• $\begingroup$ Doubling the 'mass' of the universe would probably trigger a phase transition, in which case the universe would probably instantaneously be reduced to a singularity, and every law of physics, and every physical constant, would become null and void. Or maybe not. $\endgroup$ – Justin Thyme Mar 3 '18 at 0:35
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    $\begingroup$ Actually, while I agree with Accumulation's answer, (and that's why I added my comments to the edit as shows) the trouble is we really don't know what would happen if we suddenly doubled the mass. Justin could equally be right about an instant singularity. All our science is currently based on realistic changes to mass so I'm comfortable being a little circumspect in this case. $\endgroup$ – Tim B II Mar 3 '18 at 2:27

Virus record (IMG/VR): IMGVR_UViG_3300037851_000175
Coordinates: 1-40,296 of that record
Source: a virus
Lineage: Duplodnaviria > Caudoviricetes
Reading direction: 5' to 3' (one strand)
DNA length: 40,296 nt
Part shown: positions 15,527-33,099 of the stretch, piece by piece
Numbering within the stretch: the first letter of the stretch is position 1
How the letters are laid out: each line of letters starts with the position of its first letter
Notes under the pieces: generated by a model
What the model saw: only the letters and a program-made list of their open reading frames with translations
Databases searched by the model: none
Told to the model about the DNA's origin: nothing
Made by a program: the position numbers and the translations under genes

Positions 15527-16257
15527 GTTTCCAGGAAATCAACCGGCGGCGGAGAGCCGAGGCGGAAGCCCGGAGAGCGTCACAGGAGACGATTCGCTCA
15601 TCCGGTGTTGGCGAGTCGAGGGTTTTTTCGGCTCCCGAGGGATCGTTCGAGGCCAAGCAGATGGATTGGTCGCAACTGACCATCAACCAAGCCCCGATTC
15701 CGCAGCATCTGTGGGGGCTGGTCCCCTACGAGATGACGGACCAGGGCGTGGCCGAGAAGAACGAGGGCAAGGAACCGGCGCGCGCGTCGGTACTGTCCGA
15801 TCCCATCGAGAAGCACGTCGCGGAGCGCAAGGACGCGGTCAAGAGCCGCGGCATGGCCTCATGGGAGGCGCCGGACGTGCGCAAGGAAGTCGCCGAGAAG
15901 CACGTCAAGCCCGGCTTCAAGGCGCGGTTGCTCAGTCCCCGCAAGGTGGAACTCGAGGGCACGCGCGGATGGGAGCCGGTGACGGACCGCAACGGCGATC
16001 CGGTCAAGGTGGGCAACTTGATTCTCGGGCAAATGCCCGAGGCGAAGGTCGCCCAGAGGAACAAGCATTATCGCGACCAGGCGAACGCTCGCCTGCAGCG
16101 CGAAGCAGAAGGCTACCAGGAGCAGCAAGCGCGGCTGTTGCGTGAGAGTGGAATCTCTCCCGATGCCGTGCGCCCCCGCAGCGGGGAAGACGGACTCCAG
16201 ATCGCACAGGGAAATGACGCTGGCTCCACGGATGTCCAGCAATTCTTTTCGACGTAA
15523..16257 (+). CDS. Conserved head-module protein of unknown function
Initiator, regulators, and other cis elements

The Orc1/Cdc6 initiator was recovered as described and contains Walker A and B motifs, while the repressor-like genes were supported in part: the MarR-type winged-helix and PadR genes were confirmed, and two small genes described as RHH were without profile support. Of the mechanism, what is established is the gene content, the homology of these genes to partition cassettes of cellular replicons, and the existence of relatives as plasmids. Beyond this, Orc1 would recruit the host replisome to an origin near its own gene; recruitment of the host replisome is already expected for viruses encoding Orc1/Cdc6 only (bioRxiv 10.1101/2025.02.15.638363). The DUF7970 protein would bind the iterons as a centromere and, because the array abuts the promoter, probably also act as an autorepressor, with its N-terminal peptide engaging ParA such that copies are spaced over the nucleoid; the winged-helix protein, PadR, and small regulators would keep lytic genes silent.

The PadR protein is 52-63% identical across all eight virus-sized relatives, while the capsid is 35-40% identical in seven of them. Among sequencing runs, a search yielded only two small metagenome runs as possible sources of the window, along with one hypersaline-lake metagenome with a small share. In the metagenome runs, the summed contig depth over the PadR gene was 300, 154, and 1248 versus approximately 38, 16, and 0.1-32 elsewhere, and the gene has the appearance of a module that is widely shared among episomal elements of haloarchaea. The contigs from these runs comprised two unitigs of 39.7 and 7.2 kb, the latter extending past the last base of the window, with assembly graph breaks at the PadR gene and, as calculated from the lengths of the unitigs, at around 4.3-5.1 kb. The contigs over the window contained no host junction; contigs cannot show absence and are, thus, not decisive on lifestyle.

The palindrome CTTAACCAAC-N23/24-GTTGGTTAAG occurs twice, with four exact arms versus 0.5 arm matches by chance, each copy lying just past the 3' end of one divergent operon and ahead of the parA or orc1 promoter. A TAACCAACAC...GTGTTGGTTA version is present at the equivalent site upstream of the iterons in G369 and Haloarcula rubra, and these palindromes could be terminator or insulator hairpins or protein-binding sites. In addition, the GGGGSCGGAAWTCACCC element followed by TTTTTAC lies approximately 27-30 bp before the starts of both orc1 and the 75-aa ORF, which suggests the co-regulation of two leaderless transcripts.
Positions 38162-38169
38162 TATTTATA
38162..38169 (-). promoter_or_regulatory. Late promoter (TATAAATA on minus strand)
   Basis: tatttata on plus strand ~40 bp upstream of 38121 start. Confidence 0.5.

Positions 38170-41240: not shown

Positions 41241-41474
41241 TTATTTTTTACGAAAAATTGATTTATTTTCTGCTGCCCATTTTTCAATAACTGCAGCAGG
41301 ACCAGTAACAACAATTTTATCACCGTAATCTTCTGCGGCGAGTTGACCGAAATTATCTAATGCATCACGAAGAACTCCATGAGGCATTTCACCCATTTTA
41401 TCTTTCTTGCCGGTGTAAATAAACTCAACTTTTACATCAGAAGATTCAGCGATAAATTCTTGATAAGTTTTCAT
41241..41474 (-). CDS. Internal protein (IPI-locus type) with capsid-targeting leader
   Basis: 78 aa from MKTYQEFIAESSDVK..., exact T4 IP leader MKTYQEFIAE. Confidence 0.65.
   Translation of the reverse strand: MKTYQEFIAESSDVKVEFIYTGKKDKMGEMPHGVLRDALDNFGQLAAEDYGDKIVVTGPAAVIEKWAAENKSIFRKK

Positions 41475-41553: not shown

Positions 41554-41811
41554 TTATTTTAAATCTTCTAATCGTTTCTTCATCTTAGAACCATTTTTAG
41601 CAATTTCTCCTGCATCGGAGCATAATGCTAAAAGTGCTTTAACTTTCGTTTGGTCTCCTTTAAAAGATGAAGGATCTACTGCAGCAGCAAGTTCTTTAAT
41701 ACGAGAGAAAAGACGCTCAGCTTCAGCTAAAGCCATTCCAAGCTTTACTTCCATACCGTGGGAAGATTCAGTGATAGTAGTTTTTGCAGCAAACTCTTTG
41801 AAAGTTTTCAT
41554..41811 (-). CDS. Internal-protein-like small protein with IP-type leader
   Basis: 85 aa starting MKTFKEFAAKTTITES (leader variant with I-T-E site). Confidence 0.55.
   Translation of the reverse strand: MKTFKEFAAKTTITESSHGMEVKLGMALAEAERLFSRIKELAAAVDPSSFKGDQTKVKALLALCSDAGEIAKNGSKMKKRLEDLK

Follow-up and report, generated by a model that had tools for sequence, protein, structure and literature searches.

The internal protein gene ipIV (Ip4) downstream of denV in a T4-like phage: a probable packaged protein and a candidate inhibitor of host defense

So apparently a purely mathematical explanation is not desired.

Here is the non-mathematical explanation.

See Collapse of the universe is closer than ever before

Sooner or later a radical shift in the forces of the universe will cause every little particle in it to become extremely heavy. Everything -- every grain of sand on Earth, every planet in the solar system and every galaxy -- will become millions of billions times heavier than it is now, and this will have disastrous consequences: The new weight will squeeze all material into a small, super hot and super heavy ball, and the universe as we know it will cease to exist.

This violent process is called a phase transition and is very similar to what happens when, for example water turns to steam or a magnet heats up and loses its magnetization. The phase transition in the universe will happen if a bubble is created where the Higgs-field associated with the Higgs-particle reaches a different value than the rest of the universe. If this new value results in lower energy and if the bubble is large enough, the bubble will expand at the speed of light in all directions. All elementary particles inside the bubble will reach a mass, that is much heavier than if they were outside the bubble, and thus they will be pulled together and form supermassive centers.